Disclosures: Kragsnaes and Ellingsen report no relevant financial disclosures. Please see the study for all other authors’ relevant financial disclosures.
May 24, 2021
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Fecal microbiota transplantation safe in patients with psoriatic arthritis

Disclosures: Kragsnaes and Ellingsen report no relevant financial disclosures. Please see the study for all other authors’ relevant financial disclosures.
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Fecal microbiota transplantation is safe in patients with psoriatic arthritis, according to data from the first preliminary, randomized trial of the procedure in immune-mediated arthritis.

However, data from the albeit small study of 31 patients suggests that fecal microbiota transplantation is inferior to sham surgery, leading the researchers to call for more trials.

Fecal microbiota transplantation is safe in patients with PsA, according to data from the first preliminary, randomized trial of the procedure in immune-mediated arthritis.

“Overall, we think that the results are very interesting and that the feasibility and safety aspects, as well as the clinical results of the trial, may encourage more research into the potential of fecal microbiota transplantation in the treatment of inflammatory arthritis and may help guide the direction of future trials within the field,” researchers Maja S. Kragsnaes, MD, PhD, and Torkell Ellingsen, MD, PhD, both from Odense University Hospital and the University of Southern Denmark, told Healio Rheumatology in a joint statement.

According to the researchers, previous data have found PsA to be associated with decreased intestinal bacterial diversity, displaying both disease-specific patterns and microbial abnormalities similar to those seen in other subtypes of spondyloarthritis, rheumatoid arthritis and inflammatory bowel disease. This has in turn led to research into the relationship between host-microbiota and the dysregulated immunological consequences involved with immune-mediated arthritis, and the potential of treatments that target the microbiome.

Maja S. Kragsnaes

Fecal microbiota transplantation (FMT) is currently considered the most efficient method to restore a healthy diversity of the gastrointestinal microbiota,” Kragsnaes and colleagues wrote in Annals of the Rheumatic Diseases. “Indeed, the transfer of feces containing minimally manipulated communities of micro-organisms from a donor to a recipient has revolutionized the treatment of Clostridioides difficile infection. FMT may also induce beneficial responses in patients with IBD, thereby demonstrating local therapeutic immune-modulating abilities.”

“However, whether manipulation of the intestinal microbiota can treat extraintestinal, immune-mediated disorders remains to be established,” they added. “This is the first exploratory, randomized trial to assess the safety and efficacy of FMT in patients with active, peripheral PsA.”

Torkell Ellingsen

To examine the safety and efficacy of fecal microbiota transplantation in patients with PsA, the researchers conducted a double-blind, parallel-group, placebo-controlled, superiority, proof-of-concept trial. Participants included Danish adults aged 18 to 75 years with active peripheral PsA despite ongoing treatment with methotrexate for at least 3 months prior to enrollment.

Among the 97 total patients screened, 31 were randomized, with 15 receiving gastroscopic-guided fecal microbiota transplantation into the duodenum while the remainder underwent a sham procedure. The stool transplants were obtained from four healthy donors recruited from a nonprofit public stool bank, at the local blood and tissue transplant service.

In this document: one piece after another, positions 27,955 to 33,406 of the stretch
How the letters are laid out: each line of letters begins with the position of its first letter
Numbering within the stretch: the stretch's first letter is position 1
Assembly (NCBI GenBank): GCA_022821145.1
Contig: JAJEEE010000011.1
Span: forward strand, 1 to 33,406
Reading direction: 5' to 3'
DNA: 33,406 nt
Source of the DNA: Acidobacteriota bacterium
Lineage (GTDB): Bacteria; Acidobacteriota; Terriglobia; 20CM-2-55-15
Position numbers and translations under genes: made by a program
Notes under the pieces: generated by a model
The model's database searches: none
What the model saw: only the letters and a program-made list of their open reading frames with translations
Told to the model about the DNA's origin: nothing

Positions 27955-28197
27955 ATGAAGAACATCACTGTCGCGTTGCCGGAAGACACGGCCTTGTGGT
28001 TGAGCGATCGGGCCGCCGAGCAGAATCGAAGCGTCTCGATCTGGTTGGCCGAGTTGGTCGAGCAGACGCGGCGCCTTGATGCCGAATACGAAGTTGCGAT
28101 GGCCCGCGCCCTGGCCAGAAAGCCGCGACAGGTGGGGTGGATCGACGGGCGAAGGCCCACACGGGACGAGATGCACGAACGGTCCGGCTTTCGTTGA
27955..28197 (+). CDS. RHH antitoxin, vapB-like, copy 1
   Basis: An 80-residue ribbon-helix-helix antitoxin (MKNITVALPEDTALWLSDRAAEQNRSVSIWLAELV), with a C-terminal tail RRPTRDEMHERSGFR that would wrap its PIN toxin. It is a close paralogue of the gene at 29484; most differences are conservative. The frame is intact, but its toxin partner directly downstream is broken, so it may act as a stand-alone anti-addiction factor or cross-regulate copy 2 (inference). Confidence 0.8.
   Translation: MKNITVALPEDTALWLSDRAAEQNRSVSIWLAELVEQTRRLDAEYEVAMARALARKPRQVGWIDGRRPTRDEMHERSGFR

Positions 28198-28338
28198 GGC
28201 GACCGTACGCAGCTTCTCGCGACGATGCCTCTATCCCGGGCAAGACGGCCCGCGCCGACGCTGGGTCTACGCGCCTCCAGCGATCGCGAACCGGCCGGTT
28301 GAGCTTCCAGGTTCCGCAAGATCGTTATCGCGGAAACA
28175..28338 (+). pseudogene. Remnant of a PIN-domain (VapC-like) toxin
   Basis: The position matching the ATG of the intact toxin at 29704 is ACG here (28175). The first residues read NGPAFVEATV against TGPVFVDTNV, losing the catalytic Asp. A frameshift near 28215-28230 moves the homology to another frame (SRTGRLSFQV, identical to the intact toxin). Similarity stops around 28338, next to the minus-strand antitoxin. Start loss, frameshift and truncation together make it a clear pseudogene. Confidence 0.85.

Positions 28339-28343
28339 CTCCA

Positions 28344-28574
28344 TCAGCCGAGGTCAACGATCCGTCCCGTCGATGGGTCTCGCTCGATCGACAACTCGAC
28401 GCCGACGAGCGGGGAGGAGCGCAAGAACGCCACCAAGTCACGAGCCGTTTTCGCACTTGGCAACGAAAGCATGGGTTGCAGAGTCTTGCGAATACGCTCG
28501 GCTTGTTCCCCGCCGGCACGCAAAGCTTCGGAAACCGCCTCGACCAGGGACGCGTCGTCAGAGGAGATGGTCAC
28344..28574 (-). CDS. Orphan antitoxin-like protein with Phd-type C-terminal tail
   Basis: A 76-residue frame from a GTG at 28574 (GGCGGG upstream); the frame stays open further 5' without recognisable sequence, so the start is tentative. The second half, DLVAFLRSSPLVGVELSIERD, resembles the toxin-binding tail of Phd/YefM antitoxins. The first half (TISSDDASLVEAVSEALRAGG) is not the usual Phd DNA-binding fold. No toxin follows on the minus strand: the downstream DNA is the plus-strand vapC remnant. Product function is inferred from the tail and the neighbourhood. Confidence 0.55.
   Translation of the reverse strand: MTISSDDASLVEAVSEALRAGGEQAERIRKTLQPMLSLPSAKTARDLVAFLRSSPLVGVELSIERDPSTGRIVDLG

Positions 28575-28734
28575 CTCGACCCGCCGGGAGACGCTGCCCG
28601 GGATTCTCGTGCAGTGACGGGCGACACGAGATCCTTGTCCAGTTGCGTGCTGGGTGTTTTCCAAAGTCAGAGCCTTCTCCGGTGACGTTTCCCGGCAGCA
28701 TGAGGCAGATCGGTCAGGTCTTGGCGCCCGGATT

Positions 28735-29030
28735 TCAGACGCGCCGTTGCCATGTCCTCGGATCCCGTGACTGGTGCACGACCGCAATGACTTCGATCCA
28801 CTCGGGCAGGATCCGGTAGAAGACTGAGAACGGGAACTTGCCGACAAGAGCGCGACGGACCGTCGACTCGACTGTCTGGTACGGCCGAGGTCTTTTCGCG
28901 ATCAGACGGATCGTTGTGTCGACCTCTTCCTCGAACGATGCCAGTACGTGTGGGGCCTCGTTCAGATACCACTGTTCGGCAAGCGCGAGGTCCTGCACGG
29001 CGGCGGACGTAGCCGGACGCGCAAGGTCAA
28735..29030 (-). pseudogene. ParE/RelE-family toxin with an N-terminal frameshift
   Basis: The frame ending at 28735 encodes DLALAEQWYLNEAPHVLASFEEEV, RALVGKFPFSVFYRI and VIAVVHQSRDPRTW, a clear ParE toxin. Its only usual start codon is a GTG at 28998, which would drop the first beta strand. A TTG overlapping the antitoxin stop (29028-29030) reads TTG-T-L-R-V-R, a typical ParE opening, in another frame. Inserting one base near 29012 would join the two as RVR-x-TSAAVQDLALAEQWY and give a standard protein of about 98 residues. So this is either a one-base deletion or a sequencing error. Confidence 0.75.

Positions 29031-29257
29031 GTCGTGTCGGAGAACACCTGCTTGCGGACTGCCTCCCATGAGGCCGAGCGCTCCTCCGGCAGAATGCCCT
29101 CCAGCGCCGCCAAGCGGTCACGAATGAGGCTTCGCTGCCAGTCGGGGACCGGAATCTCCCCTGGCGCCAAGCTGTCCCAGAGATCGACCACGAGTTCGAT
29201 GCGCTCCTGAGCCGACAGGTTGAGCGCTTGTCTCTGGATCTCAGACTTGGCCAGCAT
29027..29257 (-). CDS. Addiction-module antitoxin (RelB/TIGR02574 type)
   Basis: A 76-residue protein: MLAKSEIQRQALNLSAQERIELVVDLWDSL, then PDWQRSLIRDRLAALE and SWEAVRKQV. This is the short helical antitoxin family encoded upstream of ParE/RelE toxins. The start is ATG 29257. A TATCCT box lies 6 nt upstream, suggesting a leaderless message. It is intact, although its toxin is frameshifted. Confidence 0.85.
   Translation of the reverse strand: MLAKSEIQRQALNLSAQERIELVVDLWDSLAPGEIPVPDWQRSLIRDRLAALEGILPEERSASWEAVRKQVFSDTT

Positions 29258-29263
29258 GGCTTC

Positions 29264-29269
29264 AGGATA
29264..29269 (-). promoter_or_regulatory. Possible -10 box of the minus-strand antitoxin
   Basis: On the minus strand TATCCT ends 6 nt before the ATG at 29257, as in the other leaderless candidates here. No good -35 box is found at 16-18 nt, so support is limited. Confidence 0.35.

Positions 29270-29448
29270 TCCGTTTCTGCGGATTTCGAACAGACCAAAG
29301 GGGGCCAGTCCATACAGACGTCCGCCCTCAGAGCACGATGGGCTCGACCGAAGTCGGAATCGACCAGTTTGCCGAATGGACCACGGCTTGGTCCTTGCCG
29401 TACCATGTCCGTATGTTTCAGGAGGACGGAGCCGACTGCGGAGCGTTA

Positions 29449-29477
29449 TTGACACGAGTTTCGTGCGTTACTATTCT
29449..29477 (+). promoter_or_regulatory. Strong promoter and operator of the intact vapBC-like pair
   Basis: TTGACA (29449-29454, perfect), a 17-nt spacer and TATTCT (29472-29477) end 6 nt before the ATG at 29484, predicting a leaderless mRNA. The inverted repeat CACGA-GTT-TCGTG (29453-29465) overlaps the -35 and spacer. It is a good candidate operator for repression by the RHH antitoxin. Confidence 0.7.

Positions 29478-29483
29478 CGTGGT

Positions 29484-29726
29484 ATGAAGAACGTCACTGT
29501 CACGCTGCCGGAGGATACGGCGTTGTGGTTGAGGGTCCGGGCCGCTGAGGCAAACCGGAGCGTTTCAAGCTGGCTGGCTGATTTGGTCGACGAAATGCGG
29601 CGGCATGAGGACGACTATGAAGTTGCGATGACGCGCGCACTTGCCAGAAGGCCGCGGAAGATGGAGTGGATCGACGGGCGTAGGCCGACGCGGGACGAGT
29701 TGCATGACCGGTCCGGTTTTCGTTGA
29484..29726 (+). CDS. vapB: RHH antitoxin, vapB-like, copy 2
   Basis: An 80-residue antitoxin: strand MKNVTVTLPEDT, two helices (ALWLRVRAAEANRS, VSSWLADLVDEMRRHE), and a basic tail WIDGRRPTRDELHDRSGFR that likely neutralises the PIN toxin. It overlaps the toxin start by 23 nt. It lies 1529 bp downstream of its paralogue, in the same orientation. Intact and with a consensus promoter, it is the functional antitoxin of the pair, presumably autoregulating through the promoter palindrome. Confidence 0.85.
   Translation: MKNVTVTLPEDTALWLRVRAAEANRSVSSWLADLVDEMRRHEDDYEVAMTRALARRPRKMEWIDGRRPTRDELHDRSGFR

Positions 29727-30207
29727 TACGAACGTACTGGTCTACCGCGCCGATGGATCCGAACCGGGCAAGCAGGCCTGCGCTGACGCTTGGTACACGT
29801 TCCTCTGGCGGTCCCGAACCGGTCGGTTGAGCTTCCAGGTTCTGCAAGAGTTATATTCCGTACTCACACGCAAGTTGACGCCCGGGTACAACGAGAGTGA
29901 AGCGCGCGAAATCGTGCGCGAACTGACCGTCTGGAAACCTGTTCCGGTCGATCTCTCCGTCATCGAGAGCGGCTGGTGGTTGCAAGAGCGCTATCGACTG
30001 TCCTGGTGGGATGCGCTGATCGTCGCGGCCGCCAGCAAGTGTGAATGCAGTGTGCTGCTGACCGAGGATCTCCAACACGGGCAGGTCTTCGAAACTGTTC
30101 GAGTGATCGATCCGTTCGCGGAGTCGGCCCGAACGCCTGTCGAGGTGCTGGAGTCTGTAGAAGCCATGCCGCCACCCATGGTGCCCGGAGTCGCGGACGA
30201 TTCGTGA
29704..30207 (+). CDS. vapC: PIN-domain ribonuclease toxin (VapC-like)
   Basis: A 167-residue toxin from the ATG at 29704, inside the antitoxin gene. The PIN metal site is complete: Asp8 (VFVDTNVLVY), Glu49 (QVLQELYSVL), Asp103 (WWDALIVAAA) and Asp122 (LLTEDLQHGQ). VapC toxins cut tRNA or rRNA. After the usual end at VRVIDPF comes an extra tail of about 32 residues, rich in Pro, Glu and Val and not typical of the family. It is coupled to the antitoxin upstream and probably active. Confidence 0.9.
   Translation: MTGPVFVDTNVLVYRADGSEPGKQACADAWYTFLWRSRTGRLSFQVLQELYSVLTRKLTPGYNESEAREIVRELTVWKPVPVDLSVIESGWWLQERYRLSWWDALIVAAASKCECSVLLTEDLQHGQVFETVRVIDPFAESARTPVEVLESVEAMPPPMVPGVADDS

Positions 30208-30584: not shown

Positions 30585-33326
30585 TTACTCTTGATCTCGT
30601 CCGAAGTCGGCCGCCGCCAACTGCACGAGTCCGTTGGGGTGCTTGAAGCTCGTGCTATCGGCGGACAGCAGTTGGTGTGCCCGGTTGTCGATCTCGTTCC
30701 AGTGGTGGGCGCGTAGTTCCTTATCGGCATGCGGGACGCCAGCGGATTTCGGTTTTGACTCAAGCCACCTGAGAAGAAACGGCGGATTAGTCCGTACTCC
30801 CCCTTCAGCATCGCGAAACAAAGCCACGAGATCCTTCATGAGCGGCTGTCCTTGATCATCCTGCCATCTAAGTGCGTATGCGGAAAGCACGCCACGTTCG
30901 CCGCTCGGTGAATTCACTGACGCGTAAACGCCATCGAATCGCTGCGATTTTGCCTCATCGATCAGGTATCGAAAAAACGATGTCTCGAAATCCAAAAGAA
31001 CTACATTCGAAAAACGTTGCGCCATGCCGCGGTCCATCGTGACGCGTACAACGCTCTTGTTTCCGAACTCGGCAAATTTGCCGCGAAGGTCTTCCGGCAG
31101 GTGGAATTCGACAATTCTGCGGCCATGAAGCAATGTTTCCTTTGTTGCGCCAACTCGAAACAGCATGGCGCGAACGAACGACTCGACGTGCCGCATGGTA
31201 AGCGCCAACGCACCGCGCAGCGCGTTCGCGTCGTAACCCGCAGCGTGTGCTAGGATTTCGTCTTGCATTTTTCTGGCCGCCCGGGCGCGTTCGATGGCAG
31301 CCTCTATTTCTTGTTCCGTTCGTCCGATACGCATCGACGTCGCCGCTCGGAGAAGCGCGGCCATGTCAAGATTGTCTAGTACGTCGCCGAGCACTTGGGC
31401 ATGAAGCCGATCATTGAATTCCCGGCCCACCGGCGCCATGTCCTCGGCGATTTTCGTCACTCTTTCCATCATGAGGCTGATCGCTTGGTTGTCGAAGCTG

The primary efficacy endpoint was the proportion of participants who demonstrated treatment failure — defined as requiring treatment intensification — through 26 weeks. Important secondary endpoints included change in Health Assessment Questionnaire Disability Index (HAQ-DI) and ACR20 response at week 26. A total of 30 randomized participants completed the 26-week evaluation.

According to the researchers, there were no serious adverse events. However, treatment failure occurred in 60% of patients who received the fecal transplant, compared with 19% in the sham group (RR = 3.2; 95% CI, 1.06-9.62). HAQ-DI improvements between the groups differed by 0.23 points in favor of those who received the sham surgery (95% CI, 0.02-0.44). Additionally, there was no difference in the proportion of ACR20 responders between the groups, with 47% for those who received the transplant, compared with 50% for the control.

“The most important findings from this trial are that FMT appears to be safe in patients with PsA, and that the patients find the treatment acceptable, and support future research into the therapeutic potential of FMT in PsA,” Kragsnaes and Ellingsen said in their joint statement. “Extrinsic factors that may influence the effectiveness of FMT in PsA needs further investigation, however. From FMT trials in patients with active ulcerative colitis, higher dose and repeated administration appear to be effective and safe in inducing remission.”

The pair added that the procedure’s success in IBD appears to be driven by “super donors,” characterized by the presence or absence of specific bacteria species.

“Our team will continue our research into the effect mechanisms of FMT in immune-mediated diseases, including the characterization of potential ‘super donors,’” they said. “We will conduct new randomized trials using different FMT strategies — by changing the type of administration form, dose and treatment frequency — to explore whether microbial dysbiosis or specific bacteria are common or decisive mediators of disease activity in inflammatory diseases and whether this proposed relation can be modified without exacerbating the disease.”